Tag Archive for ‘ESG’
A new study by researchers at Harvard Business School and London Business School concludes that companies which have voluntarily embraced sustainable business cultures with a substantial number of environmental and social policies “significantly outperform their counterparts over the long-term, both in terms of stock market and accounting performance.”
A sustainability advocate argues that it is illogical – and quite myopic – that many large institutional investors refer to shareholder resolutions on climate change and other material issues as “special interest,” “non-routine” or involving “special circumstances.” The opposite is true, she says: if companies aren’t addressing sustainability they won’t be producing long-term value for their shareholders.
Harvard Business School professor Michael Porter and his colleague Mark Kramer argue that the time has come for global businesses to adopt the principle of “shared value.” Shared value, they write, “is not social responsibility, philanthropy, or even sustainability, but a new way to achieve economic success.”
A new working paper by researchers at the London Business School and Harvard Business School finds that requiring companies to report on their environmental, social and governance initiatives leads to broad improvement in socially responsible management practices.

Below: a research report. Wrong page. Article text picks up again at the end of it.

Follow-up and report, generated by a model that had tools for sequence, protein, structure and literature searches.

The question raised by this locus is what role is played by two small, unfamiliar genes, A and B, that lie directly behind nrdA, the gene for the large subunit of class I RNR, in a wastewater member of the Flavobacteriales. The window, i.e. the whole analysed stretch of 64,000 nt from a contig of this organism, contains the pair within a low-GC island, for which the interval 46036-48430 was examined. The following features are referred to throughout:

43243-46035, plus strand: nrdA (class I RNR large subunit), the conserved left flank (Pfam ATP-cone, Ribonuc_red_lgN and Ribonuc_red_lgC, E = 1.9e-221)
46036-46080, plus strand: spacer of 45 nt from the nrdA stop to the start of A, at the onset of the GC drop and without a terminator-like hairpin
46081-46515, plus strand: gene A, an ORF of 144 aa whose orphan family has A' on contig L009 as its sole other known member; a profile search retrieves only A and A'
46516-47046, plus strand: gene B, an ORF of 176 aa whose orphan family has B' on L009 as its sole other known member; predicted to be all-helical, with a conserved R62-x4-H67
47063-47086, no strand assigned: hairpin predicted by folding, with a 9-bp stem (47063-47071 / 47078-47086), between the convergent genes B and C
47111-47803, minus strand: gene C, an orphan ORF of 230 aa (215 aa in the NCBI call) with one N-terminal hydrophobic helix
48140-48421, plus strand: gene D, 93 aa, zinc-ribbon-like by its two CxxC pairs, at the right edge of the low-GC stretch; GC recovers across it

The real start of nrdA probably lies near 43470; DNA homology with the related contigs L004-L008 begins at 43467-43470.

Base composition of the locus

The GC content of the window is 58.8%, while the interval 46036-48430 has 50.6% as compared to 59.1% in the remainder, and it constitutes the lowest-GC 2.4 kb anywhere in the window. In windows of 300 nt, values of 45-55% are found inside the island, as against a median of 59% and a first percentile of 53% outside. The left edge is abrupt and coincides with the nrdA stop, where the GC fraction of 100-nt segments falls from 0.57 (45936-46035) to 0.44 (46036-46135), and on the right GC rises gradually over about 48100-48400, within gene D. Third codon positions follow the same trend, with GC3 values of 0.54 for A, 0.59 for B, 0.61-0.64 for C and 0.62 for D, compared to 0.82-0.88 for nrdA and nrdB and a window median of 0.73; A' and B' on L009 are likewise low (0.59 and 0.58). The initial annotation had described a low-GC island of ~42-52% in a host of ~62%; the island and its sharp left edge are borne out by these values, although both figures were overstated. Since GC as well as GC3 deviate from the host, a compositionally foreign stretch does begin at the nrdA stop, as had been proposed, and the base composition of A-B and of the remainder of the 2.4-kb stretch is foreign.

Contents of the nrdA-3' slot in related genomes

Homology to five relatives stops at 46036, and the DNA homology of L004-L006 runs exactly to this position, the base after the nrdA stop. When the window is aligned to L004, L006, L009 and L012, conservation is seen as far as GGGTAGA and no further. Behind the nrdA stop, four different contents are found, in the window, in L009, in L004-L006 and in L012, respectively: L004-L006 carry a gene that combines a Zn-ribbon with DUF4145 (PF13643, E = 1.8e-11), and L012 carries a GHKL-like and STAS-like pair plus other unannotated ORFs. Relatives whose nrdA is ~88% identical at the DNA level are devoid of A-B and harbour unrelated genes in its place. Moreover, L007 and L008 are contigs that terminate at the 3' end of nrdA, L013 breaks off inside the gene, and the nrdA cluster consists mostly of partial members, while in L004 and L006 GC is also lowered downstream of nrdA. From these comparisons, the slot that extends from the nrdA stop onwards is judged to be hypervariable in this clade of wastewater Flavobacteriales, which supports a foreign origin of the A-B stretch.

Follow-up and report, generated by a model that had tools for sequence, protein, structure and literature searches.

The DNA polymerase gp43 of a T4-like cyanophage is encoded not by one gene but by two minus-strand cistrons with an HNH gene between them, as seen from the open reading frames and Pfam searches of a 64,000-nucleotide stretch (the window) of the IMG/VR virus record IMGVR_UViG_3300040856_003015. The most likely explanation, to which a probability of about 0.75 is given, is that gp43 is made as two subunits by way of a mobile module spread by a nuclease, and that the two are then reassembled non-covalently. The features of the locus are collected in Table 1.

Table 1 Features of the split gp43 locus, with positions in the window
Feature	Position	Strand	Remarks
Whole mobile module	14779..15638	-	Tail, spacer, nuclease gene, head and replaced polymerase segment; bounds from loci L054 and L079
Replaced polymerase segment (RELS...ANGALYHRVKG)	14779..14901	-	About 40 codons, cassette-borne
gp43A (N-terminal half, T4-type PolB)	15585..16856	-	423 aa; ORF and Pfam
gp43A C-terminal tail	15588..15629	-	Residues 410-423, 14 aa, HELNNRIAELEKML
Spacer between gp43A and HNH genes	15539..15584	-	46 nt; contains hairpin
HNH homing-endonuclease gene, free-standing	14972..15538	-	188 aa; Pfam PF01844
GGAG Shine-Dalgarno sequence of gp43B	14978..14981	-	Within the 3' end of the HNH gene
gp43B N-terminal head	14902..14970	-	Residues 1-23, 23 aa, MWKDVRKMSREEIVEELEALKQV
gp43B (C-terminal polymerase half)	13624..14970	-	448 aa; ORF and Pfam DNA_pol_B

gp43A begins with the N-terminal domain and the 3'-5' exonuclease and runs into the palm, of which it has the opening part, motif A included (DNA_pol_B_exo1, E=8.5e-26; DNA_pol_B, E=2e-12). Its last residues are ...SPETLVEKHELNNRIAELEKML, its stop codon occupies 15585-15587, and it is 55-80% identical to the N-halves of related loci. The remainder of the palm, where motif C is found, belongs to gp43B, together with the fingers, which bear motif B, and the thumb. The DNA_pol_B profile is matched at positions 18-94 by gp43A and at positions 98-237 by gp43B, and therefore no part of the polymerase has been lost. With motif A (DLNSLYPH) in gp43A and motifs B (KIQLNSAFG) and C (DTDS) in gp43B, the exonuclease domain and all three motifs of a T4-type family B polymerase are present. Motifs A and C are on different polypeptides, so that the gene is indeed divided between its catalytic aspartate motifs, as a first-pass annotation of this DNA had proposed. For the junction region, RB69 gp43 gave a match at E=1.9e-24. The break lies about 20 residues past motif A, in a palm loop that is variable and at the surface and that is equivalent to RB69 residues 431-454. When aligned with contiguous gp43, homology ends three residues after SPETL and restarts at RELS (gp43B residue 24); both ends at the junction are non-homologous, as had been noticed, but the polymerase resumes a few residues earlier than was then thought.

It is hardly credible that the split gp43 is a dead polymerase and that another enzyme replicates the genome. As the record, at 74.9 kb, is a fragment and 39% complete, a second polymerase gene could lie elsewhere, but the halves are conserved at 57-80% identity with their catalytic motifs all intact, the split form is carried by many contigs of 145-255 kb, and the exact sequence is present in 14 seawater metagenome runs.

Factors pertaining to ESG (environmental, social and governance) issues are now included in mainstream corporate stock and bond analysis in numerous investment firms, funds and managers globally. Why? Because it provides analysts better insight into companies and a possibility of producing higher investment returns with less risk.
Shareholder proposals on social and environmental issues constitute about half of all resolutions in the 2011 proxy season and have become a serious strategic consideration for corporate boards and their members, according to a new report from the consulting firm Ernst & Young. “The degree of support for these types of resolutions is growing among mutual funds and other important investors,” the report finds.
Boards of directors of a majority of large U.S. corporations now have committees charged with oversight of environmental and social issues, but that oversight is often not integrated into the companies’ strategic planning and operations, according to a new research study. The study also found that boards at smaller companies are far less likely to have committees charged with oversight of corporate responsibility issues.
Rich Lyons, Dean of the Haas School of Business at the University of California, Berkeley, discusses values and ethics with The Wall Street Journal.
Investment firm Walden Asset Management recently researched and compiled quotes from sustainability and corporate responsibility reports by several dozen companies in a wide range of industries. The exercise showed, says a Walden executive, that attention to such issues has become vitally important for a company’s business, and that transparent reporting is, as one CEO said, one of “the prices of doing business today.”
The director of a leading graduate education program in responsible business thinks the key to corporate responsibility is integration of sustainable thinking and action into day-to-day business as well as students’ coursework – but achieving that “represents a fundamental shift in the way companies are run and what students are taught.”